Thursday, June 23, 2011


Once in a while life brings you an opportunity to work on a project that goes beyond the work itself and ends with a much deeper level of fulfillment. There’s a couple we’ve worked with for almost twenty years and have known for even longer. We started out as co-workers where we quickly realized our joint backgrounds, then as designers and clients where we found our commonality, and finally as friends where we linked our lives permanently. It’s one of the perks of our profession. As a designer you are, by necessity, required to dig below the surface to find out what makes your client think the way they do, how they find comfort and solace, what gives them pleasure and what makes them the happiest. The relationship comes as close to therapy as any I know, and the process is a mutual one. You sometimes get the opportunity to even take the relationship beyond friends and can call it family.  That’s what happened with this amazing couple.
When we found out a member of their family had decided to hold their wedding in Madison we immediately offered to help. At that point I hadn’t met their niece, their niece’s sister or their niece’s fiancĂ©e. Now almost a year later we look on all three of these young people as extended members of an extended family.
Here ‘s an ode not just to the bride and groom but also to the family of people who came to help us make this wedding a successful work of love. In a new place with a new branch of our business sprouting like a new twig on our company tree, we had to rely on some new friends with a little more knowledge about the event business in Madison. Rick and I have never been short on ideas but implementing them in foreign territory was the element that made us dribble just a little stream of nervous pee.
In stepped Julie Moskal. Julie, a jack-of-all-trades, had saved our butts on more than one occasion and here she was to do the same for the wedding. In addition to sewing all of our table runners, knowing someone who could alter the bride’s dress, being able to direct us to the best donut maker in the area, Julie was also aware of the difference between oasis floral foam and a place in the desert where camels stop to socialize. Julie’s background included a family stint in the floral industry and that’s how the flowers came about.
The final production crew now included Julie, Rick and myself along with the bride’s overly generous aunt and uncle, who not only helped with some under the table assistance but they were there along with a couple of the bride’s cousins to help fold napkins, tie ribbons and scrape some pesky labels off of little tiny bottles of bubbles. Without their help and the help of the bride’s sister and a couple of my relatives the wedding would have ended up a redneck beer fest at the tavern around the corner.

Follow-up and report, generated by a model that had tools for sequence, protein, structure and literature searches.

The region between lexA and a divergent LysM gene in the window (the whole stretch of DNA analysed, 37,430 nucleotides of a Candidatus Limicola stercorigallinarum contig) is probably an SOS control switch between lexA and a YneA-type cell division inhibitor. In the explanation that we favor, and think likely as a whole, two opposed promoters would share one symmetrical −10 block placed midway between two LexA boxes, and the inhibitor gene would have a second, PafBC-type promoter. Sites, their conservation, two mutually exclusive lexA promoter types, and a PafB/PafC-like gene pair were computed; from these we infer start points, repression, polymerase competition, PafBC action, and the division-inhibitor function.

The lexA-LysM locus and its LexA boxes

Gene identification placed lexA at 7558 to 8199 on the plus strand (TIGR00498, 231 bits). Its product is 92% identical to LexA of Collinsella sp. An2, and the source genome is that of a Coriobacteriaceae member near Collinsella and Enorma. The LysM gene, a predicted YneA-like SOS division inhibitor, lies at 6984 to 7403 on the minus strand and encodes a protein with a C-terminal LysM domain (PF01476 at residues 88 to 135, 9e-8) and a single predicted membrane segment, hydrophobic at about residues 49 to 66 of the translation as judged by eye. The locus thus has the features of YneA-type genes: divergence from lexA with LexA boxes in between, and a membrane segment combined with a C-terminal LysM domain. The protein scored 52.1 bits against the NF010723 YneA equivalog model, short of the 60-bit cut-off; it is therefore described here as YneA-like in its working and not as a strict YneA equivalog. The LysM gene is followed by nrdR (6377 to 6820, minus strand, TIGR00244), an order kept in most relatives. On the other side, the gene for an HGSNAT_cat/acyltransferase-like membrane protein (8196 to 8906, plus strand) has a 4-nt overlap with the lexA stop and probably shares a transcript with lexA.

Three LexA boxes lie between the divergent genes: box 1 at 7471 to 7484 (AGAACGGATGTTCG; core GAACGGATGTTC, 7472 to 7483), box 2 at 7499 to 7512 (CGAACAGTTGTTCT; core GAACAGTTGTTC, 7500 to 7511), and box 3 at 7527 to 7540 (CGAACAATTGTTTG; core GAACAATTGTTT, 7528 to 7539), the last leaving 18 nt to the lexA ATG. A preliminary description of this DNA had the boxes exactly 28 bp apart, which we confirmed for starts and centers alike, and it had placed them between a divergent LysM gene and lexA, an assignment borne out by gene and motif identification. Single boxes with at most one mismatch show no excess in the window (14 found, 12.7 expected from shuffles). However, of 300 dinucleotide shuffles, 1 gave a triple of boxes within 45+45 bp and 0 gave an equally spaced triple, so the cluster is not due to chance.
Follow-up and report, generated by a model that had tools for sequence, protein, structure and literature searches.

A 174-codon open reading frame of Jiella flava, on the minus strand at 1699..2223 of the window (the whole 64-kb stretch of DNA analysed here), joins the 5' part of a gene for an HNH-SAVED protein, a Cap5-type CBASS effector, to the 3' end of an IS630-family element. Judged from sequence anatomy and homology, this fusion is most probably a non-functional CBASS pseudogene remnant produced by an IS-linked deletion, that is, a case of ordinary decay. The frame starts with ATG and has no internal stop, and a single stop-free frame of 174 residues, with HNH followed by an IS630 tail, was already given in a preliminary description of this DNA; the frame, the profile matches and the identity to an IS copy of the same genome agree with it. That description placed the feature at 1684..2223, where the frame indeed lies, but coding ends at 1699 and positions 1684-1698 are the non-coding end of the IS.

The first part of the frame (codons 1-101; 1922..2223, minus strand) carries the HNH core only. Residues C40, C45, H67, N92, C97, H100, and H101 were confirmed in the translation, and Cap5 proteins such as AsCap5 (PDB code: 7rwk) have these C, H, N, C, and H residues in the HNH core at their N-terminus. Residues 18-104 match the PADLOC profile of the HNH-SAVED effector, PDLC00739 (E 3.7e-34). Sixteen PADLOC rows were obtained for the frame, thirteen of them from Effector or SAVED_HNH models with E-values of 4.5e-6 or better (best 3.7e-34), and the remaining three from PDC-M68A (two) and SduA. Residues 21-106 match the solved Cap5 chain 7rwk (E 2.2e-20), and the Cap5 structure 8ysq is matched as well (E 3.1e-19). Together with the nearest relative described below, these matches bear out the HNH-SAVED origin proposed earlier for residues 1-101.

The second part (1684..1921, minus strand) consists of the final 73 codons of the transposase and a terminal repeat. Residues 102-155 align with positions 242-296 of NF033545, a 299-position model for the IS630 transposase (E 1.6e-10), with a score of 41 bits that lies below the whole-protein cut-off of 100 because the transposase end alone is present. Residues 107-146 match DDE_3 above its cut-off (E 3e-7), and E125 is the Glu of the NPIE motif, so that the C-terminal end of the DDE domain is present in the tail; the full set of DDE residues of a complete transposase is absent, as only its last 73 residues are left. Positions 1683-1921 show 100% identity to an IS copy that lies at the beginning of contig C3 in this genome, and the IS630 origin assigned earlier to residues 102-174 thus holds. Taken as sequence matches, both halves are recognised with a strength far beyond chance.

I’m not a big advocate of organized religion. Faith to me is seeing the face of god through friends and family, but the Luther Memorial on the University of Wisconsin campus gave me a glimpse into architectural godliness. Our decorating approach to the church was minimal. We had only an hour before the ceremony to do anything and then the restrictions were lengthy. We settled for some bunting on the altar, a unity candle at the request of the bride and groom and a single rose tied to every other pew.
The church was decoration enough.

The white peonies arrived wilted, closer to their golden years than young exploding buds. We were ten chair covers short of a full set. The donut tier that looked so luscious online came as a folded limp cardboard set of disks and dividers barely capable of holding a cup of sprinkles much less fifteen dozen donuts. Then the time needed to pull all of this together when we thought we were going to be a mere crew of two made the expectation of a successful reception seem like a “what-were-we-thinking” moment.
Then the Memorial Union’s clock struck five and the centerpieces glowed from their lit inner pillars of candle light,
the ten missing chairs evaporated in the sea of one hundred and fifty chairs in sparkling white with their periwinkle bows and sprigs of lavender,
and the donut table scented the room with that sugary smell as fifteen dozen donuts sat on hand-blown glass tiered cake plates tied with lilac ribbon and wedding white roses, but the most beautiful part of the room were the smiles on the bride and groom’s faces, reward enough for a project that transcended the wedding itself and fulfilled on a much sweeter level.


Not all weddings have the opportunity to be equally beautiful and politically correct at the same time
Photo by Tracy Schnackenbeck, another sister looking for a beau with a shorter last name

Wednesday, June 15, 2011



We were thrilled that the women at Diane James Home decided to highlight our little atilier in Madison on their impressive blog, the Buzz,